In contrast to the troubling demographic trends in much of the developed world, Indonesia is poised to leverage its very young population and strategic position to become one of the world’s largest economies in the years ahead.
Edward Gustely, co-founder and managing director of Jakarta-based Penida Capital Advisors offered his take on how the country is fairing through COVID and why Indonesia is such a strategically important country.
Here's what he had to say in a recent interview with FS Insider (see Investors Should All Have Indonesia on their Radar Right Now, Says Penida Capital's Ed Gustely for audio).
COVID Still a Battle for Archipelago Nation
The Delta variant hit southeast asia hard, and Indonesia is taking the brunt of that force.
While indications are that the surge in cases may have peaked, Indonesia recently surpassed India in daily deaths and the number of cases, Gustely noted. It did strain the healthcare system, but Indonesia has good policies and procedures in place to deal with the virus.
The current surge has exposed some weaknesses in Indonesia’s systems and responses, he added, and with vaccination rates still very low in the country at only 10 percent, the question has become one of resources.
Availability of vaccines is a sticking point for Indonesia, and while the Chinese stepped up early on to offer Sinovac — in what Gustely feels is a mea culpa of sorts — the U.S. has recently stepped in to help by providing doses as well.
“The U.S. has recently contributed about 4 million doses of the Moderna vaccine to Indonesia,” Gustely said. “We're in talks now, and hopefully the Pfizer vaccine should become available here by September or October. So that's a positive sign. We’ll wait and see, but in the meantime Indonesia is doing the best that any country can do in these circumstances. Everyone's doing their best to stay healthy.”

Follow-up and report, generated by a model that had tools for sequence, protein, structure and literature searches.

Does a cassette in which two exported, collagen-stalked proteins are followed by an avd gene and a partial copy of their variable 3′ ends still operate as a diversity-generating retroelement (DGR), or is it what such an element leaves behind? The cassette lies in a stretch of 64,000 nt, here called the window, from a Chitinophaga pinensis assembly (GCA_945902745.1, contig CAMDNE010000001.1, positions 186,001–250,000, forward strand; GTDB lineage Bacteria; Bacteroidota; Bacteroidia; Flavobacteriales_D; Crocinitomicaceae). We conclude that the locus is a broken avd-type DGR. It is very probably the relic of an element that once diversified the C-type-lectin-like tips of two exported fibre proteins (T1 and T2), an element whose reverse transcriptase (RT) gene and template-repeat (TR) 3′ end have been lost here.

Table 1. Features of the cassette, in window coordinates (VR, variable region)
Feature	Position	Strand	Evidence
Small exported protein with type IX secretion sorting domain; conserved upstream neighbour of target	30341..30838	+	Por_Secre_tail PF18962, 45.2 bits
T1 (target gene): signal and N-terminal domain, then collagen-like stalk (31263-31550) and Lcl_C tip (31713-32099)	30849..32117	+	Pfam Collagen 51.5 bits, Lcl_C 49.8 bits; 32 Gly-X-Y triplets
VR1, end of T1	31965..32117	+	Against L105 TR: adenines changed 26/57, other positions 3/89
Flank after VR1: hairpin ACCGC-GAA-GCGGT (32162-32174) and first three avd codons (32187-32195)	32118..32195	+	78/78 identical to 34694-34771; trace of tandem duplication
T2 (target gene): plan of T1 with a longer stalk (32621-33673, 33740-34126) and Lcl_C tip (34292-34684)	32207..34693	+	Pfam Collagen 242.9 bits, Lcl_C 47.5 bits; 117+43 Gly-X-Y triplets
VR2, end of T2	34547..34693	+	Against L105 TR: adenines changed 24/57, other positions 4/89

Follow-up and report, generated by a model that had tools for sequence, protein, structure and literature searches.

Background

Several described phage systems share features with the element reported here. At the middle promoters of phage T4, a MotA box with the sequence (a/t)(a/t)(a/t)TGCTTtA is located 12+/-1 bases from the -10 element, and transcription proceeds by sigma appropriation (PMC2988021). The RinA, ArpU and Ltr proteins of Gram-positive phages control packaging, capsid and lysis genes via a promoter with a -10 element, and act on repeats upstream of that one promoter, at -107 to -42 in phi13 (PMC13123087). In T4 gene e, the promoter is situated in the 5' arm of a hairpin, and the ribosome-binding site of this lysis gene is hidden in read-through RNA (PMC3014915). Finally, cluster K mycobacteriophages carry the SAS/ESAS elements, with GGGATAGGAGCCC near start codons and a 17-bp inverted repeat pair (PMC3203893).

Leveraging Favorable Demographics
Despite the difficulties the pandemic poses, Indonesia has excellent prospects as a very young country in terms of the average age of its population, and is likely to emerge much stronger because of it.
Indonesia is a country of 275 million people — the fourth largest by population in the world, after China, India and the United States — and its land mass extends across 14,000 islands, stretching the distance from New York to Los Angeles, Gustely stated.
Even before the pandemic, Indonesia was on the rise. It is a member of the Association of Southeast Asian Nations, or ASEAN, and is also a member of the G20.
However, because of its growth prospects and demographic strength, Indonesia is poised to move up from being the 16th largest economy in the world to the seventh largest economy within 10 years, Gustely said. A large part of this growth comes from the fact that half of Indonesia’s population is under the age of 30.
“Indonesia went from a World Bank classification of a middle-income status country to middle-upper status,” Gustely said. “This demographic dividend (is) built on a youthful population and increased productivity, and Indonesia's ability to begin to connect to what we call the fourth industrial revolution, where they are taking advantage of advanced technologies, data and the export base that Indonesia provides to other emerging markets. … I use an analogy of where the United States was in the 1950s. We had Baby Boomers and a sense of optimism and opportunity for people to grow and develop. (Indonesia) has democracy that is now pretty much set in place, and it can grow and develop those opportunities in a fashion that links it to the rest of the world.”
Abundant Resources and Capital
Indonesia has other advantages, Gustely noted. It is very well positioned in terms of natural resources, and has the largest reserve of nickel in the world. It also has ample amounts of manganese and cobalt.